Column: AG says Alabama will defend rights over healthcare bill
By By Troy King
Alabama attorney general
I have never publicly taken a position on whether we ought to have health care reform in this country or not. I have said that if we are going to have it, it must be done in a way that is constitutional, through a transparent process that respects the rights of the states and the people. For better or worse, healthcare reform has now come.
This past March, a new universal healthcare regime, entitled the “Patient Protection and Affordable Care Act,” (“the healthcare law”) was hastily pushed through Congress and signed into law by President Obama before anyone even had a chance to read its 2,400 pages. Many Americans, me included, were shocked at the manner in which a bill that affects 1/6th of the American economy was rammed through Congress using procedural maneuvers, vote buying, and arm-twisting. In addition, backroom deals like the “Cornhusker Kickback” and the “Louisiana Purchase” have only further shaken the people’s confidence in their elected government. Most disturbing of all though is that this healthcare law is an unconstitutional usurpation of power by the federal government at the expense of state and personal rights. It is a shameful state of affairs when you cannot look your children in the eye and be proud of what their government has done. We must now do as our state motto commands and to dare defend our rights.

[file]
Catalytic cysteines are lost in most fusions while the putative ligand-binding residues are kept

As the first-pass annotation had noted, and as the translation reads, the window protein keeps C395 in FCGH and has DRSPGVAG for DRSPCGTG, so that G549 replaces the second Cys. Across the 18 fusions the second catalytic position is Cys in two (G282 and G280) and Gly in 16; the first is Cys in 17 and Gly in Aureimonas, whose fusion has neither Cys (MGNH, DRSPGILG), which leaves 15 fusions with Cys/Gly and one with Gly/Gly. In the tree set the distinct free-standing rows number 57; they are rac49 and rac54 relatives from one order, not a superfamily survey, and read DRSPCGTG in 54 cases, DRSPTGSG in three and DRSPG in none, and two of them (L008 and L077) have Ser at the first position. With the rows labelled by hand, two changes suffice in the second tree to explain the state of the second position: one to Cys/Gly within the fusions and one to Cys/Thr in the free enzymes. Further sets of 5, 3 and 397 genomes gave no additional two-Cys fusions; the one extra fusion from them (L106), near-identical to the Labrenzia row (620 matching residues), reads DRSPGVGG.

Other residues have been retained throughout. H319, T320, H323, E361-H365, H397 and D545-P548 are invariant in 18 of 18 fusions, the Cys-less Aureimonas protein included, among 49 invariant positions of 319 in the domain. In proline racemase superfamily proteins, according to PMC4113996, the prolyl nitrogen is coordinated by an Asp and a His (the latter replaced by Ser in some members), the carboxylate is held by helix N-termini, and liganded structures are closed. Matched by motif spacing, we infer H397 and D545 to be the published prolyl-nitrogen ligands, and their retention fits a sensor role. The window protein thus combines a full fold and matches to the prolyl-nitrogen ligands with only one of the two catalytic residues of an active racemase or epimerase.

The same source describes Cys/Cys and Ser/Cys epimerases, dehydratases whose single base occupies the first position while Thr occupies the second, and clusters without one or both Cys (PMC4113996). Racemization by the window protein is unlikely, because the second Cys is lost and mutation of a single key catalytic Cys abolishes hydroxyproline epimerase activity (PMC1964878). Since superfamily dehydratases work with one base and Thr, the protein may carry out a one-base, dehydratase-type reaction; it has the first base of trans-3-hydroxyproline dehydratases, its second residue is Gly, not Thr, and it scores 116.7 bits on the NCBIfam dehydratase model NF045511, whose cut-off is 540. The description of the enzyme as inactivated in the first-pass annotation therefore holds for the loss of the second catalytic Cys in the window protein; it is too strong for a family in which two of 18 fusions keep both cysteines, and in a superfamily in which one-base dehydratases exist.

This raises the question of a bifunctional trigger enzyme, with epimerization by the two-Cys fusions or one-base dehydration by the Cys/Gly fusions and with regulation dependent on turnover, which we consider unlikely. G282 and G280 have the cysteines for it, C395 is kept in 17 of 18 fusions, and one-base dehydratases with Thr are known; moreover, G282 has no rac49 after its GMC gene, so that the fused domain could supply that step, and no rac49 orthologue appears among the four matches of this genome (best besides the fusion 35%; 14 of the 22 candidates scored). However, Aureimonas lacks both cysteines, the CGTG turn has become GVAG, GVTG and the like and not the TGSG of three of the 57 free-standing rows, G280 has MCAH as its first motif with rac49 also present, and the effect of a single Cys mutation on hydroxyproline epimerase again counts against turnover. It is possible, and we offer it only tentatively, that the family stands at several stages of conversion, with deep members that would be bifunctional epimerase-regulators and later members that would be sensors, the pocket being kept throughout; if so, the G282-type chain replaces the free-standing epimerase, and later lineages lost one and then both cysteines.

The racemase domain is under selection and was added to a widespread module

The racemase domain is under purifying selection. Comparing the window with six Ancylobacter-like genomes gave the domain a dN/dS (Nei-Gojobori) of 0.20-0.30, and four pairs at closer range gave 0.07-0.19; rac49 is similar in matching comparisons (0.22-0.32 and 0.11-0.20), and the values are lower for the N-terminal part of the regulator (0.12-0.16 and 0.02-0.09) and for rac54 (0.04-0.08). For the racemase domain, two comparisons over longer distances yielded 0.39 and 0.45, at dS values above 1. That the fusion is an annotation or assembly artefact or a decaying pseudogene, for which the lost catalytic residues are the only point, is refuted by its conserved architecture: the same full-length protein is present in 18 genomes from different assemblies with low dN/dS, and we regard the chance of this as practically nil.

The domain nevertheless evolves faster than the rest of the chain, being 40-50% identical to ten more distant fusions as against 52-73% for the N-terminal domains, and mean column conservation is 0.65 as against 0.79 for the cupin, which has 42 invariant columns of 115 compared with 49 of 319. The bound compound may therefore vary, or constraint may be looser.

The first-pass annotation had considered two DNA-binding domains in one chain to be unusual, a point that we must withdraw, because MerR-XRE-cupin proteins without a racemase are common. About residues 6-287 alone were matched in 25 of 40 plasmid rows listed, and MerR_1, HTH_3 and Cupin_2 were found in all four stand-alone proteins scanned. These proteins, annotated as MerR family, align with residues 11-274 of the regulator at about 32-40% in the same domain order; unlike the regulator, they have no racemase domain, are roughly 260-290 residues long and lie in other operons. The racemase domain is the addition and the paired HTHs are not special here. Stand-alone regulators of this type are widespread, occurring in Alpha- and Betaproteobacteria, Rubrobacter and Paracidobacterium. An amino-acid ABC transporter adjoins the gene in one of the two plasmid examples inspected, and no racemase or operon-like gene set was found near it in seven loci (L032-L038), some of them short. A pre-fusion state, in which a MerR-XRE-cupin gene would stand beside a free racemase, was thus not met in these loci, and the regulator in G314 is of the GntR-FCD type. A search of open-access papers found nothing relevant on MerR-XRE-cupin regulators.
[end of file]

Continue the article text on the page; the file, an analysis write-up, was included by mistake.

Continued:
I, along with a bipartisan group of 12 other attorneys general from across the country have filed a lawsuit challenging various provisions of the healthcare law. Other states have since decided to join. We have hired one of the brightest legal minds in the country, a lawyer and constitutional scholar named David Rivkin, to represent the states. We will not rest until we have stopped the federal government from trampling the Constitution.
In this legal challenge, we have argued, among other things, that the so-called “personal mandate,” a provision requiring every American to purchase health insurance or pay a tax penalty is unconstitutional. The Constitution does not authorize the federal government to mandate, either directly or under threat of penalty, that all citizens and legal residents purchase healthcare coverage or anything else for that matter. This shocking power-grab would leave no individual decision-making of our citizens beyond the reach of federal powers. Such sweeping federal power would not be similar to a state car insurance law that requires anyone choosing to exercise the privilege of driving a car on state roads to purchase car insurance. Instead, it would be like requiring every American to buy car insurance whether they drive a car or not. In an effort to bring costs down, every single uninsured person is required to purchase a health insurance plan. In addition to the financial burdens it will cause families, much of the costs will be borne by the taxpayers of the states, who will be forced to pay for millions of new Medicaid enrollees as a result of this personal mandate. This onerous encroachment will force Alabama taxpayers to pay millions of additional dollars at a time when state government faces severe budget cuts to offset shortfalls in its already-strained budget. Alabama will not sit idly by while Washington tramples our rights.
We will remind the Congress and we will remind the federal government that they are not the ultimate source of authority in this country. We, the people, are. Indeed, Alabama will dare to defend its rights.